Before the public announcement that the Hunley had been found, there was an ongoing debate about whether the Hunley sunk itself with the Housatonic, the Housatonic sank on top of the Hunley, or if the Hunley survived the attack and sank afterwards. For more than one hundred years the majority of experts believed one of the two former scenarios. This opinion caused many of the people looking for the Hunley to look in the wrong location. A small group of people believed the latter.
The guard on the beach reported seeing the blue light and lit the bonfires. Men on the Housatonic reported seeing the blue light. The experts said that it was impossible for a blue lantern to be seen on the beach from the location of the Housatonic. The confusion over lantern and flare hindered some of the people who searched for the Hunley as well. Knowing that an oil lantern could only be seen for about a mile they search between the Housatonic’s location and the shore. In the twentieth and twenty-first century a blue light is – well – a light. But, in the nineteenth century a blue light was a blue signal flare.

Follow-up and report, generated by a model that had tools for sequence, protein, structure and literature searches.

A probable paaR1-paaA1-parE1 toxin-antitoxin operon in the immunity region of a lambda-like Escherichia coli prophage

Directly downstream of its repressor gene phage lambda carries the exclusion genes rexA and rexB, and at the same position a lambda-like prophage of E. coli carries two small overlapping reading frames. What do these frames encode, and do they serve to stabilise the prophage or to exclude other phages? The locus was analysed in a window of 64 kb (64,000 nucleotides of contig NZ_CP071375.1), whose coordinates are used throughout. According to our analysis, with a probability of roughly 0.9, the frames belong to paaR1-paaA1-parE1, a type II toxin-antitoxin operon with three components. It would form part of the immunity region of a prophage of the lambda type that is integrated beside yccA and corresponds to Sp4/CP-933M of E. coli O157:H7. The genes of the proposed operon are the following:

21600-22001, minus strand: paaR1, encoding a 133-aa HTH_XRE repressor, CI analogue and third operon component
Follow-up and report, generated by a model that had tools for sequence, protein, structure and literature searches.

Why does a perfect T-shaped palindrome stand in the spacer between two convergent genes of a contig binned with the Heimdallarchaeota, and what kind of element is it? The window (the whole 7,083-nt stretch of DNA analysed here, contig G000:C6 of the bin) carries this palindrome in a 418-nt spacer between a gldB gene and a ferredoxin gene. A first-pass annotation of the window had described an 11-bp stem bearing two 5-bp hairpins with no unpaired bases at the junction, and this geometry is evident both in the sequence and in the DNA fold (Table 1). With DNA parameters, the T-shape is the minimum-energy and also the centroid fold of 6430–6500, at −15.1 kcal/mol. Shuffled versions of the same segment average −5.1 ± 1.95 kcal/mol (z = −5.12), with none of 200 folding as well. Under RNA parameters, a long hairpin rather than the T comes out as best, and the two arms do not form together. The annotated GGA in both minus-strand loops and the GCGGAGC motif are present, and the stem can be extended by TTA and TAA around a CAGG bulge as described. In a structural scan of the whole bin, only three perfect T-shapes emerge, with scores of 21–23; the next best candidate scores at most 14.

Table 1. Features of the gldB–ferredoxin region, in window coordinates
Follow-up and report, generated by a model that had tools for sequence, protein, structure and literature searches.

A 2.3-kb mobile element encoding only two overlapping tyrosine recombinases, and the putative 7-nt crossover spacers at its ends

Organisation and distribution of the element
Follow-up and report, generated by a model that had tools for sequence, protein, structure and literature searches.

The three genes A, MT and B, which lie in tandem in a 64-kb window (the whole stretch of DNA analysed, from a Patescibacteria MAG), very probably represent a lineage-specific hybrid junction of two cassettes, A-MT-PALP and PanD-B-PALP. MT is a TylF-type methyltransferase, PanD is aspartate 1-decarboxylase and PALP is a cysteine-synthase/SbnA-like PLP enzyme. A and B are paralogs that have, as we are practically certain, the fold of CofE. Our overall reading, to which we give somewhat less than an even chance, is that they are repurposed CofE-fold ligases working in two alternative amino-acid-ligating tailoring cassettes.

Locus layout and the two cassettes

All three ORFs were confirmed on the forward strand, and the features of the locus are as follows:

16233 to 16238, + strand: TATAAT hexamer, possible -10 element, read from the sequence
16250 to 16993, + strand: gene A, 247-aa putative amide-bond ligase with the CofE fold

Need another example of the difference in word definitions over the last 150 years?
August 5, 1864. At the Battle of Mobile Bay Admiral Farragut gave an order that is still remembered to this day.
“Damn the torpedoes, full speed ahead!”
Now, when you and I talk about torpedoes we are talking about the weapon used most often by submarines. The torpedoes we are talking about have a small propeller that propels the torpedo towards its target. In the early twentieth century this was called a “self-propelled torpedo.” That is because what we call mines were called torpedoes over one hundred years ago. The Civil War happened before the invention of the self-propelled torpedo. If Admiral Farragut had been a twenty-first century sailor he would have said, “Damn the mines, full speed ahead!” (I think the phrase sounds better with torpedo instead of mine, but I digress).